Keeping ERP on the QT

You won't hear many companies talk about enterprise resource planning anymore.

That's not to say that companies will stop marketing applications for

managing human resources, financials and other core business operations

that generally fall under the ERP rubric. But they would prefer not to talk

about it.

Instead, vendors of ERP tools are focusing on how they can help customers

tailor their systems to provide services online, thereby facilitating their

plans to become e-governments and e-businesses.

In the past year, the top providers of ERP systems to government agencies

have acquired or partnered with firms that offer customer relationship management

(CRM) tools and portals that provide a single point of entry to all business


"There is a numbing down of the ERP buzz because that's not what sells

in the government, and that's definitely not what sells in the commercial

space," said Zip Brown, vice president of American Management Systems Inc.'s

e-government solutions group. State, local and federal agencies are reluctant

to adopt massive ERP solutions and are focusing more on solving specific

business problems, such as tracking citizen requests, e-procurement, financial

management and employee self-service for human resources and benefits information,

Brown said.

Tools for Integration

Partnership among vendors is the key to this new arena. ERP vendors

have the applications for managing and processing information — which is

just as critical to e-government applications as it is to traditional "back-

office" applications, such as human resources and financial management.

But ERP vendors need to integrate those tools with the front-end services

agencies want, Brown said.

AMS has responded by forming partnerships with Ariba Inc. for e-procurement,

Siebel Systems Inc. for CRM and FreeMarkets Inc. for reverse auctions —

all of which are tailored by AMS for government use.

This spring, AMS launched buysense, an e-procurement service developed

with Ariba. The site, located at, is the nation's first

online marketplace for state and local government and higher education purchasers.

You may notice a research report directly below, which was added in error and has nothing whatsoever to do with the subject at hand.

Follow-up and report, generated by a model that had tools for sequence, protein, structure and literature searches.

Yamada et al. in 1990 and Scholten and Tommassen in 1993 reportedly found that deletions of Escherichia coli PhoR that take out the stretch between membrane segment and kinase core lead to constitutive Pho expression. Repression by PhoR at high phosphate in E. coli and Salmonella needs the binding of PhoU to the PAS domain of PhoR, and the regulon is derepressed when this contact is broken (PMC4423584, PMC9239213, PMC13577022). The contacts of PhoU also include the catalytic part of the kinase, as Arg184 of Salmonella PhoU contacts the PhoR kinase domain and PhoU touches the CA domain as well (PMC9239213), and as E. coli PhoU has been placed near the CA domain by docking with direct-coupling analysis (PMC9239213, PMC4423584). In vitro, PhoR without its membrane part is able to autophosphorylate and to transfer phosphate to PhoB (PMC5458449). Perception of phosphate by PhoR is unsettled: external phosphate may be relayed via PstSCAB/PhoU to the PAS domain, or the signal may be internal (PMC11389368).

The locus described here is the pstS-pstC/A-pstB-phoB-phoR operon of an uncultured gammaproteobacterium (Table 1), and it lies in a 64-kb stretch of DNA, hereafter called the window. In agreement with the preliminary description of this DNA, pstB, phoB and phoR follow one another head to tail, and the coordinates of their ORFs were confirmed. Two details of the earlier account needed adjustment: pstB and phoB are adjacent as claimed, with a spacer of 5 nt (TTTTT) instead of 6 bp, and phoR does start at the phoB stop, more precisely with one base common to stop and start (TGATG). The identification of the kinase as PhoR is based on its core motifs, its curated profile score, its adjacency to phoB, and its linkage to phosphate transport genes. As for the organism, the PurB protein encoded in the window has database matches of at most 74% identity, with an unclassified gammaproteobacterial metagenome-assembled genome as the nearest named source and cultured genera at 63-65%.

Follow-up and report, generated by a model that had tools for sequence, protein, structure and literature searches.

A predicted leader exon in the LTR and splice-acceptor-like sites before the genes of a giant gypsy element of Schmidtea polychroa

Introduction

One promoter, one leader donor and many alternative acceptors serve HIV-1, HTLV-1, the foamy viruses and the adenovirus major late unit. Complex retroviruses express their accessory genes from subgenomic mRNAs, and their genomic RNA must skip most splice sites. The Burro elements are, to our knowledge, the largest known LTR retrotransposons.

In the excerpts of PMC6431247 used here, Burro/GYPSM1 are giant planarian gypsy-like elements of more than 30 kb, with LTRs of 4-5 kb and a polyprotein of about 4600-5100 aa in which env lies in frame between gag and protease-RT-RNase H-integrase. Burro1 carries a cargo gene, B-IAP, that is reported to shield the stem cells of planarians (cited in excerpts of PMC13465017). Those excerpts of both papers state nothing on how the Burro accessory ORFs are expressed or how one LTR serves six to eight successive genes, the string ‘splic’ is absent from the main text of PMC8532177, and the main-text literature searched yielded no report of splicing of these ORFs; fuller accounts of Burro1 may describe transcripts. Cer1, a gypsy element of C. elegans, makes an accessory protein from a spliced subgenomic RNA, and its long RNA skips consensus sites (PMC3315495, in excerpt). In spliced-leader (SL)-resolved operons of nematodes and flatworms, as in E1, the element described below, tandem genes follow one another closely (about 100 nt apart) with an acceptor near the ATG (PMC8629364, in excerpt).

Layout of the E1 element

AMS' partnership with govWorks Inc. also is helping the company provide

customer-focused help to state and local government agencies.

This is something of a change because ERP vendors have traditionally

offered customers "all-in-one" solutions so that they would not have to

worry about trying to make different products work together.

"ERP was successful years ago because the pain of integration was higher

than adjusting business processes," said Michael Dow, vice president of

acquisition business solutions in AMS' public sector group.

But the availability of enterprise integration tools from companies

such as webMethods Inc. has changed the business case, making it easier

to choose the best-of-breed solution in each functional area and then integrate

the different products, he said.

But not everyone takes that view.

Managers at Oracle Corp. still believe that an integrated enterprise

application from one vendor is better than a hodgepodge of best-of-breed

products, said Steve Perkins, senior vice president and general manager

for Oracle Federal.

"Most vendors who provide it don't provide an enterprise view anyway,"

Perkins said, referring to companies that focus on providing the software

for specific ERP functions, known as best of breed.

Oracle has developed solutions for all areas of e-government, such as

interactions with suppliers, customer (or citizen) relationship management,

and the traditional internal operations and administration of financials

and human resources that make up ERP. Still, even Oracle realizes it cannot

be all things to all people. Like other vendors in the government space,

Oracle has partnered with companies such as Compusearch Software Systems

Inc. for contract management, Gelco Information Network for travel software

and others for asset management tools Oracle does not already offer.

Customer Focus

AMS, Oracle and other vendors are angling for position in this new arena

because they realize ERP applications, however old-fashioned, can provide

the underpinnings for many e-government services.

In general, e-government involves giving citizens, suppliers or employees

the ability to find relevant information on government systems. Government

agencies, in the process, need the ability to track those interactions to

ensure "customer satisfaction."

"Customer relationship management is probably the most promising growth

area for 2001," said Jim McGlothlin, regional vice president for sales